your reporter had it just right. The Russians have to really make a
decision here. They either want to take out ISIS or they want to prop up
Assad. Assad is kind of ISIS` evil twin. His brutality to his people is
one of the things that brought ISIS into being.

So the Russians are going to have to figure out a way -- and I think
the talks in Vienna are mildly hopeful -- to move Assad out, and then
concentrate the fire on ISIS. Clearly, the Russians, the French, the
Americans, the Gulf states, even the Iranians focusing on ISIS is going to
make a world of difference in that fight.

MATTHEWS: If we make a political decision that we can trade a
recognition of a slow departure of the Assad family from Damascus in some
way or another it`s handled, for cooperation on going after ISIS, don`t we
still face, after the politics have been put together, the need for a land
army of indigenous people?

If a bunch of Europeans and Americans go into that part of the world,
they will make the ISIS case, won`t they?

KING: Chris -- Chris, that`s exactly what ISIS wants.

MATTHEWS: Yes.

KING: They want this to be a war of the West against Islam. That
would be -- sending our troops in there would be a gift. They have to be
Muslim troops, they ought to be Sunni Muslim troops, and the Sunnis in the
region have to say, This is going to be our fight because right now,
they`re letting ISIS define the brand around the world, and it`s bad for
Muslims everywhere. We`re seeing that all over the world.

So you`re absolutely right. And that`s why, you know, I just think
the idea of us sending in troops not only do -- is it not a good idea from
our point of view, but it`s not a good idea if we want to beat ISIS. If
ISIS is going to be rooted out of Mosul and Raqqa and those places, it`s
going to take people on the ground, but it`s going to take people who are
local people, people from that area, Muslim and Sunnis.

MATTHEWS: Let me ask you about a disconnect. I`m going to start with
David and I`ll get back to you because you`re a senator, and you can do
something about it. Four million refugees from Syria, four trained
fighters, who`ve (ph) been trained, one in a million.

Why aren`t we recruiting -- I`m not saying they have to all join the
military, but of four million refugees, aren`t there several tens of
thousands of Syrians who are willing to fight for their country? And why
aren`t we recruiting them?

DAVID IGNATIUS, "WASHINGTON POST": Because our...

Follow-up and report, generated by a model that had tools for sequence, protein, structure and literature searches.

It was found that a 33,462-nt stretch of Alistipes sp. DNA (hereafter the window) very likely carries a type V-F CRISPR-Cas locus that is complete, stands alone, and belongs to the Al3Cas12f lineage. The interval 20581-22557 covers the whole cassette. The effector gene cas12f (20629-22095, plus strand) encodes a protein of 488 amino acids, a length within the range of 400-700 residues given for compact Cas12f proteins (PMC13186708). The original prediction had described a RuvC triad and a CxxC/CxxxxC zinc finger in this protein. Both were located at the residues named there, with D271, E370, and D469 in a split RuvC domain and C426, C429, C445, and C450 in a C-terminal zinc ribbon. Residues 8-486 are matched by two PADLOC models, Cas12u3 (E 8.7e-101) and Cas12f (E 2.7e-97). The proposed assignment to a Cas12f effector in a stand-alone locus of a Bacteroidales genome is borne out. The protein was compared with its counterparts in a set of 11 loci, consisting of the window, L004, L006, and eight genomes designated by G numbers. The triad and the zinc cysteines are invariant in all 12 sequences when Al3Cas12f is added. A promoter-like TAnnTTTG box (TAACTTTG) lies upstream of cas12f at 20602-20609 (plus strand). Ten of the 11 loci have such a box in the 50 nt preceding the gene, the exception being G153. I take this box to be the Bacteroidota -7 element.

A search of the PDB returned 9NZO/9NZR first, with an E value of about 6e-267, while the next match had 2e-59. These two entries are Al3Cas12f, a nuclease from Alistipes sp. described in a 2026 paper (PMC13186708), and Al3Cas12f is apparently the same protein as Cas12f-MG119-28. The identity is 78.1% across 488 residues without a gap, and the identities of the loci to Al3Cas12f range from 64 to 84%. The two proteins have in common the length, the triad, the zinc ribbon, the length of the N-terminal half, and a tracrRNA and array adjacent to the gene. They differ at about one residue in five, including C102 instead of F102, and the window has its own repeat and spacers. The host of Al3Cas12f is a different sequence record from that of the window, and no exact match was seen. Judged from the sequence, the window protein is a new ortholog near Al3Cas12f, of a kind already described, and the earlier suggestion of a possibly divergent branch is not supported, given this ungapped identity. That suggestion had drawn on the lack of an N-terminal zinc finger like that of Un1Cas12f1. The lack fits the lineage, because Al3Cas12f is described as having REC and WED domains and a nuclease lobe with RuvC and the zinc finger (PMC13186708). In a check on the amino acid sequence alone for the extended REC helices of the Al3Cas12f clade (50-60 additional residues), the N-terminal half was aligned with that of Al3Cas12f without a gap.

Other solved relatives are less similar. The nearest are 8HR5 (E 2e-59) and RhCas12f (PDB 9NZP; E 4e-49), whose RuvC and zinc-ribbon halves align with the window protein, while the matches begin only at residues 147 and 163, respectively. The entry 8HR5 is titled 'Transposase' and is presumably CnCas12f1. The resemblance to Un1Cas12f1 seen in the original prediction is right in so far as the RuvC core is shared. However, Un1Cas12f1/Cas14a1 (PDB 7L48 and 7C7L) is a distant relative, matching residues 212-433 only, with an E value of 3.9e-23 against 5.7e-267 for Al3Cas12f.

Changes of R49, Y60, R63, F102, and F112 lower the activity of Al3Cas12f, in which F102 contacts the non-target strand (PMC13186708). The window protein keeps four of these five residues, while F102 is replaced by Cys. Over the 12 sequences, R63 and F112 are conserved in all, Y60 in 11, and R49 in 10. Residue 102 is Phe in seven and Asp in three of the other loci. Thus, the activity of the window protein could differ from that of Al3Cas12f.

MATTHEWS: And training them?

IGNATIUS: Because our question number one in the vetting process was,
Do you want to fight against President Assad, or will you just fight
against ISIS? And Syrians who have been fleeing the country, have been
fleeing barrel bombs, have been fleeing attacks by the regime -- they want
to fight Assad. They want a new government. And that essentially
destroyed our train and equip program from the beginning. We -- there`s
another U.S. program...

MATTHEWS: Why don`t they fight both?

IGNATIUS: ... run by the CIA...

MATTHEWS: I don`t see why they`re not fighting both.

IGNATIUS: Well, they should be fighting both. And that`s what the
CIA force, which is nominally secret, is doing. We`re pumping a lot of
money and weapons to...

MATTHEWS: Four trained fighters. That`s it!

IGNATIUS: Aside from the four trained fighters, there are some
thousands of fighters who are working in this other program, and they`re
holding the Russians and the Syrian army at bay in the northwest of Syria.
So -- but absolutely, the idea of having this program and having so few
show up...

MATTHEWS: Let me go back to the center on this the question comes --
we have the bombing capacity, so do the Russians, so do the French. We all
know that.

But the ability to re-take the country and have it build up another
society to replace ISIS and replace Assad eventually -- don`t we need to
have freedom fighters on our side? And why don`t recruit them? Why are we
just becoming a world of refugees, rather than a world that fights back and
says, We`re here to help you Syrians retake your country? We`re not here
to help you find a life in the United States or France or Belgium. You
have a country. Go back and take it. We`ll help you.

Why are we turning everybody into victims, when we should turn them
into fighters?

KING: Well...

MATTHEWS: I don`t understand this. Four million refugees, four
fighters. It doesn`t add up.

KING: Well, I think you`re right. I think David put his finger on
it. When we were trying to do this so-called train and equip program, we
were saying, You can only fight against ISIS, not Assad. Their primary
enemy is Assad right now. And that`s where they`re focused...